What is important is the lore surrounding fairies that England had built up over the years. This lore existed whether or not people believed it to be true. It exerted an influence on their perception of the world and what exactly fairies were. Just as we have a mythology handed down to us today from those who came before us, the stories that came before Shakespeare’s time influenced the cultural and mythological atmosphere that Shakespeare was writing in. Shakespeare’s fairies have become influential in our day, but they could not exist without drawing on previous traditions. They are a continuation of the fairies that came before them, and the continual morphing of what characteristics make up a fairy is something that will continue to happen in the future. Shakespeare’s fairies are one part of that continued tradition of building upon the old. They have value within the play, but they also have value outside of it because of their contributions to a collective mythology. Most people today would not express a true belief in fairies, but they can still provide you with a description of one. They have almost certainly encountered fairies in fiction. Fairies are still a valuable aspect of our collective mythology.  This is shown through their continued presence in literature, films, and other works. People in Shakespeare’s time had certain expectations about fairies whenever they read or talked about them. In the same way that we have an idea of what to expect if we go to watch a vampire movie in the theater, the people of Shakespeare’s times had certain beliefs about what was and was not a fairy as well as what was expected of those fairies. These commonly held beliefs were handed down and are present in the stories of the day for entertainment’s sake, if nothing else.

Shakespeare’s fairies in A Midsummer Night’s Dream move away from some of those commonly held beliefs. Shakespeare played with the idea of fairies and broke out of the mold to create new kinds of fairies that would go on to become part of our own mythology today. This is a mythology that people who both do and do not believe in it continue to participate in just as they did during Shakespeare’s time. Whatever was believed to be true, Shakespeare decided to write an entire play that places fairies in an important role. At the same time, he took the creative license to break out of the expectations that tradition placed on him. As Ronald Miller suggests, the fairies in A Midsummer Night’s Dream are “obviously the most striking feature of the comedy” because of the “indefiniteness” that they emphasize within the play (254). Without the fairies, A Midsummer Night’s Dream’s primary story is about the romantic struggles of four teenagers. The fairies’ presence and their manipulation of the human teenagers creates questions about what romantic feelings those teenagers actually have and what is being forced on them by the fairies. Suddenly, who is in love with who is not as straightforward and how much control an individual has over their emotions becomes a larger question within the play. That ambiguity is nonexistent without the fairies’ interference. Perhaps because his fairies create alluring questions about life, Shakespeare’s version of the fairy world has continued to play a prevalent role in the modern perception of fairies. His version of the creatures stuck with people and took up residence in their minds until they were as important to the collective idea of fairies as any stories about fairies that came before them or possibly even more so.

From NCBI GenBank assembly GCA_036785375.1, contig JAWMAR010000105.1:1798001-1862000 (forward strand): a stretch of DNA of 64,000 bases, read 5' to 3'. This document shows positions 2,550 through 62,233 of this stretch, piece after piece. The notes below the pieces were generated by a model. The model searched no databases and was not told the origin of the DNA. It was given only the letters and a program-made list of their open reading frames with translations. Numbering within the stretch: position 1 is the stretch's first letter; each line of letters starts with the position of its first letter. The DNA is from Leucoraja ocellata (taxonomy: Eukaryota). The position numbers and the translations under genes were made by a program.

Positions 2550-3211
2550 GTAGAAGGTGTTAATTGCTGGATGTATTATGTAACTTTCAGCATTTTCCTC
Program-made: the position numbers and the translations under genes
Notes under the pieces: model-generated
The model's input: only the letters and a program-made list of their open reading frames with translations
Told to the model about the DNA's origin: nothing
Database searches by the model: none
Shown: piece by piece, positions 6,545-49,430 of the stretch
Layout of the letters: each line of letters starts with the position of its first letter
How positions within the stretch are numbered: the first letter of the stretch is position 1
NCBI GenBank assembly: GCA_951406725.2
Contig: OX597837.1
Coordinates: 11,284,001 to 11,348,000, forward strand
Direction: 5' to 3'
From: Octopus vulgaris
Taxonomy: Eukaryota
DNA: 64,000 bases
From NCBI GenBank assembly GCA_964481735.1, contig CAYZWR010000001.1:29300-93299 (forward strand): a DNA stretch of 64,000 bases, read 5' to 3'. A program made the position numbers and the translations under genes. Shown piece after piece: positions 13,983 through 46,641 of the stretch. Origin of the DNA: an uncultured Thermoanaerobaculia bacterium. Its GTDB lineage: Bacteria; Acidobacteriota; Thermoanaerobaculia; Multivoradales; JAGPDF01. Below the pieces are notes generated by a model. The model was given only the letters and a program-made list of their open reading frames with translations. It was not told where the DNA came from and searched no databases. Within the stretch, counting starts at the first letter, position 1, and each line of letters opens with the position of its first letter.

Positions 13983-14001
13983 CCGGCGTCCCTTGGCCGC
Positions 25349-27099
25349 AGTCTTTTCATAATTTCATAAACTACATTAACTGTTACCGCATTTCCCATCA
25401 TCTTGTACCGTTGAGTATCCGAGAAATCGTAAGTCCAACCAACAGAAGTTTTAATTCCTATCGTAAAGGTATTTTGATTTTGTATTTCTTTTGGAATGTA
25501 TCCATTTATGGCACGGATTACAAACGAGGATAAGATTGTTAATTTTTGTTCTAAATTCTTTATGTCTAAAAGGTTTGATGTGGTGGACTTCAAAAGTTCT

Before A Midsummer Night’s Dream, fairies were different from the tiny, sparkling, and cheerful creatures we think of today. Fairies were seen as “more destructive than mortals” and creatures one never wants to come across because of the potential danger they posed (Lewis 253). They were not creatures you put into cute stories for little kids, and they were not something little kids asked to dress up as for Halloween. These fairies were not ones you associated with anything fun or joyful. They were creatures that perhaps would have fit better in creepy campfire stories. Meeting a fairy was almost a guarantee of danger, so one was far better off avoiding it. It was believed at the time that fairies “parasitized human households to gain bath water and food, and punished householders who did not maintain impeccable standards of hygiene” (Swann 451). These fairies were associated with the countryside and the domestic. They would have been out of place in a city.